Interview With Southeastern’s Josh Shores by Longleaf Partners
We had the distinct pleasure of catching up with Josh Shores at the offices of Southeastern Asset Management in London in May. Josh is an integral member of Southeastern’s investment team, having been with the firm since 2007. He has twelve years of investment experience and holds a BA (Philosophy and Religious Studies) from the University of North Carolina. Southeastern, founded in 1975, is led by famed value investors Mason Hawkins and Staley Cates.
The Manual of Ideas: Such a pleasure to welcome Josh Shores, Southeastern Asset Management. Josh, thank you for hosting us here in your wonderful offices in London.
Josh Shores: Thank you, John. Good to have you today.
MOI: Very excited to speak with you about the investment approach at Southeastern. You’ve been at the firm a number of years. You are based in Europe now, and so perhaps just to get started you could tell us a little bit about your journey as an investor and your focus at Southeastern.
Josh Shores: Sure, I’d be happy to. I have somewhat of a typical value guy story where I became interested in the markets as a teenager and was in university, studying philosophy, and had a good friend who knew I was interested in investing. He invited me to an investment club, which led me to Roger Hagstrom, which then led to classic Graham and Buffett, reading Security Analysis and reading all of Buffett’s annual letters.
I would say it was a Damascus road type of experience. I knew I was interested in investing and finance, and the philosophy, the “big ideas” aspect of value investing appealed to me – understanding the idea of thinking and acting like an owner, buying with a margin of safety, the classic value tenets. These core truths really resonated with me and from that time it was a journey where I knew this was what I’m going to do. It’s as much a passion and a hobby as it is a livelihood. The intellectual discovery part of it and the excitement of it has continued to this day.
MOI: Obviously, Southeastern is a great place to practice that kind of an approach. I really put it in that small pantheon of firms that do invest and act like owners because of the size of the capital at your disposal and also the concentrated approach you take to these businesses. Tell us a little bit about that and how it may differ from firms that deploy capital more broadly across many different companies.
Josh Shores: Mason is definitely one of the greats. Before I was at Southeastern, I had started a company with some other people to put this stuff into practice, but I always knew there were a couple of places I would pull up and leave in a heartbeat to go work for, and Southeastern was one of them. I was reading Mason’s letters from Day 1, all the way back, and thought, “This is a company that does it right, that thinks correctly and the philosophy is spot on.” Mason is most well-known for his business, people, price paradigm, and for his focus on thinking and acting like an owner. It’s such a pervasive thing within Southeastern. We’re a 100% employee-owned, private company. We are the largest investors in our products, and we can’t own equities outside of our funds.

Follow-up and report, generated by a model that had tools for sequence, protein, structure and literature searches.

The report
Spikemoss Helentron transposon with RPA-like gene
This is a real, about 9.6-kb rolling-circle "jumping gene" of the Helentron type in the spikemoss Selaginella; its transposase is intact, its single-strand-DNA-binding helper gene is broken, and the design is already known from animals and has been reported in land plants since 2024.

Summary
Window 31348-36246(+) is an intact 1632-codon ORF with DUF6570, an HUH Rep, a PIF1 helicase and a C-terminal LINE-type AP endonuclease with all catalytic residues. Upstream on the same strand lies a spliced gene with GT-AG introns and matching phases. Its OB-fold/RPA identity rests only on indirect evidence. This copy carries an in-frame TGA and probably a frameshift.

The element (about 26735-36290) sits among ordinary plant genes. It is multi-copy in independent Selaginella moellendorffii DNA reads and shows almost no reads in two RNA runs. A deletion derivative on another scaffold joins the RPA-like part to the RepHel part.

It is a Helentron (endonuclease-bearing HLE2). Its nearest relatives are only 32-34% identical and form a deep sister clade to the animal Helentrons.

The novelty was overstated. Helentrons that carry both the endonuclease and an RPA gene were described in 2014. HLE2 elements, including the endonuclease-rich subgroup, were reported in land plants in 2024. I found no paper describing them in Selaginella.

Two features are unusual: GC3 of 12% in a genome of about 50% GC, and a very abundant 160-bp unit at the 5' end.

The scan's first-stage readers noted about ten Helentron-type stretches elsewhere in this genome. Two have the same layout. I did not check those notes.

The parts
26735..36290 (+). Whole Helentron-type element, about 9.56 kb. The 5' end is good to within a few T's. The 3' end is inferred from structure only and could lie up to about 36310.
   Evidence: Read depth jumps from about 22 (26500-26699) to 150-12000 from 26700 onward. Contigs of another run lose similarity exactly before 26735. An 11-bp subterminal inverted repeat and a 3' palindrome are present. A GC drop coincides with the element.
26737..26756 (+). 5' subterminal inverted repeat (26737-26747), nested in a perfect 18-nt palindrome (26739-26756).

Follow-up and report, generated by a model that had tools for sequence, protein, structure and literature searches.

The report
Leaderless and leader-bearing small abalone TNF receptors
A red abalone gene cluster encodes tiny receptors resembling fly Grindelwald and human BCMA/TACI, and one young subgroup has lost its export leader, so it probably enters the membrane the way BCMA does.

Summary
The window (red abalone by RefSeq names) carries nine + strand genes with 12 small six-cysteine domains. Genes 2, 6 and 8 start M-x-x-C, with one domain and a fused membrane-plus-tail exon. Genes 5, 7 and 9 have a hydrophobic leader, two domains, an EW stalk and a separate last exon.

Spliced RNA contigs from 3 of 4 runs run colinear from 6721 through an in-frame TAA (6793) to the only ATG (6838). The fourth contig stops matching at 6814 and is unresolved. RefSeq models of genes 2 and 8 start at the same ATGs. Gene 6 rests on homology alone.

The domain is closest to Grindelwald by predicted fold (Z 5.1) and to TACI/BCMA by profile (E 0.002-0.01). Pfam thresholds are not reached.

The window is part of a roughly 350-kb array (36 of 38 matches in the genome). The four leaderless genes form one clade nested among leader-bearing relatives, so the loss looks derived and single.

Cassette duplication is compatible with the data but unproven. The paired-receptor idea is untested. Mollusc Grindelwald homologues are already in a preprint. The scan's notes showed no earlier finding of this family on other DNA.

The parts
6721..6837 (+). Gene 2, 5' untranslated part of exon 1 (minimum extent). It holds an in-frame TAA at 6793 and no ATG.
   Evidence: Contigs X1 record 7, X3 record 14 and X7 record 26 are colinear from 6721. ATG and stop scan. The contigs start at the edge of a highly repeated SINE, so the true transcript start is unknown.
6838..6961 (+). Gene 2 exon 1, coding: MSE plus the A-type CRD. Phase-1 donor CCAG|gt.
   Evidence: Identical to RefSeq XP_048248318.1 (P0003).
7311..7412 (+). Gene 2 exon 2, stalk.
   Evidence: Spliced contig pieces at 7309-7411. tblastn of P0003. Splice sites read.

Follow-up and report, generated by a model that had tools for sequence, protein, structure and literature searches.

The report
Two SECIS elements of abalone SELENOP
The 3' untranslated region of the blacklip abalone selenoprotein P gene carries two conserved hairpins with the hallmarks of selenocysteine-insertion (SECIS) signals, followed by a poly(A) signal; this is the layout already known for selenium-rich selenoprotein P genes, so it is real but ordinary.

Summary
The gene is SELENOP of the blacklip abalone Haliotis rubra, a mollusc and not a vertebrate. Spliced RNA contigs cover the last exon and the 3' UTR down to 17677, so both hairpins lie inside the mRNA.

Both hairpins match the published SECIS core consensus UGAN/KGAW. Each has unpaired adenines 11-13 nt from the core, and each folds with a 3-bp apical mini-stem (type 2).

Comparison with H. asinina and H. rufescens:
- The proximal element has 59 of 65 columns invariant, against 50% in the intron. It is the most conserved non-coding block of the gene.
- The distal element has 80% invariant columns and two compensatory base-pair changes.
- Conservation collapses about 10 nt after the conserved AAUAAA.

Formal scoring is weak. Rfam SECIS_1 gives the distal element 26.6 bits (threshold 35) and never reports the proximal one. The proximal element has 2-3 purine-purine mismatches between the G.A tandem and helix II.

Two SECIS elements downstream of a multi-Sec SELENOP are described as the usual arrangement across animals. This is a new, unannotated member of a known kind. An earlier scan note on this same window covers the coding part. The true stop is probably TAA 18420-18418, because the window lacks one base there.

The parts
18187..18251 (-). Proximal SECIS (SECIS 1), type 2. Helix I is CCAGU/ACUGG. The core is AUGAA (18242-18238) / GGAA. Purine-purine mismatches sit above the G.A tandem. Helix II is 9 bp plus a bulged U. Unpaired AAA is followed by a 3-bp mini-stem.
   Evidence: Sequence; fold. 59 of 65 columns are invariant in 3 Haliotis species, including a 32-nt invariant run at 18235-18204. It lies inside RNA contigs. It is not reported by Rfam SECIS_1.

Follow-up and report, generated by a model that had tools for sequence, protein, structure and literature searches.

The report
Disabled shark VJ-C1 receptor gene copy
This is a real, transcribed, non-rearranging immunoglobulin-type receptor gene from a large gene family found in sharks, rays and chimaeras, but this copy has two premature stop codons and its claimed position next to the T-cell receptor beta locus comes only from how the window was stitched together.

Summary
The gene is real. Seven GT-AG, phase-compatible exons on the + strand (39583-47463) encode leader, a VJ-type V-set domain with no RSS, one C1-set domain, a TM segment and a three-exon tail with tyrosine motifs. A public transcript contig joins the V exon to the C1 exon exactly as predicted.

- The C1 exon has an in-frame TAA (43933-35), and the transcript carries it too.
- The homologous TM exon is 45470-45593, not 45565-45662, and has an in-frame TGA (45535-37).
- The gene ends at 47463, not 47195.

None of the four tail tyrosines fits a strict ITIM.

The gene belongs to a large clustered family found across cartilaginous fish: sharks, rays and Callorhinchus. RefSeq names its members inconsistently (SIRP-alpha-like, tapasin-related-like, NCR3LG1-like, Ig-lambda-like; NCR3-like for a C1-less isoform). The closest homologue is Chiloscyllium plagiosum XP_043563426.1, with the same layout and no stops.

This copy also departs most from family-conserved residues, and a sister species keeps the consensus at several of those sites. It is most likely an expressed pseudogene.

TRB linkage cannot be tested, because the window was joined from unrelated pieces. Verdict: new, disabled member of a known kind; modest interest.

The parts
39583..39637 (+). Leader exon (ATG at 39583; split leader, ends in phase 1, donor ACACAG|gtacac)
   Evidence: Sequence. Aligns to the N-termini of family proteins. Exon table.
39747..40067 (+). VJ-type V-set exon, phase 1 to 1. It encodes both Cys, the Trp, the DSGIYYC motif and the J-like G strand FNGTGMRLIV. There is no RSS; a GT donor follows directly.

We’re 100% aligned with our clients and think and act like owners in everything we do. We apply that same paradigm to any company we’re looking at. Clearly you’ve got to have the good business aspect and the margin of safety from buying at a discount. That goes without saying. The focus on thinking and acting like an owner is a nuance that I think Southeastern puts into practice in a special way. Part of that comes into play with our concentration. A lot of our products have 20 names in them, which seems concentrated to a lot of people. To us, actually we would rather be more concentrated than 20, because if you’ve got a handful of your best four, five, six ideas, let’s own those, but for many clients you have to be a little more diversified.
Being an owner and acting like an owner means you concentrate on your best ideas, and you are engaged in your companies and have an active dialog with them, just as you would be if you were an owner of those companies on a private basis and had a long-term time horizon. Our average holding period is five years, but we’ve had things we’ve owned for 10, 15 years. If you can buy that great business, partner with great management, add a good margin of safety by investing at a discount, and have it grow and compound for years and years,
that’s the ideal. Mason’s seen it all over his 40 years in the business. He’s seen every cycle, ’73-’74, the bottom in ’82, the ’87 crash, the dotcom peak and crash and then the Global Financial Crisis. To be able to learn from a guy like that who applies value so purely has been one of the great opportunities in my life, and I’m very appreciative of it.
MOI: When you say ‘people’ being one of the three focus areas when evaluating a potential opportunity, just give us a little more context on what it is you look for and how you find these people that you want to partner with.
Josh Shores: Just as we, in running Southeastern, think and act like owners, we want to partner with people who think and act like owners, and ideally are big owners. As a rule, we see very different behavior from people who are owners and people who are agents. We’re trying to find a person that operates the business well, or a situation where there’s a partnership involving a great capital allocator and a great operator. That can be very powerful, operating the business like an owner, thinking about value creation and extending the moat of the business on a perpetual basis, but at the same time, allocating capital well, because the balance sheet and the cash coupon of a business over the five, ten years we’re going to own it are going to drive the outcome as much as the discount to the share price when we initially bought it.
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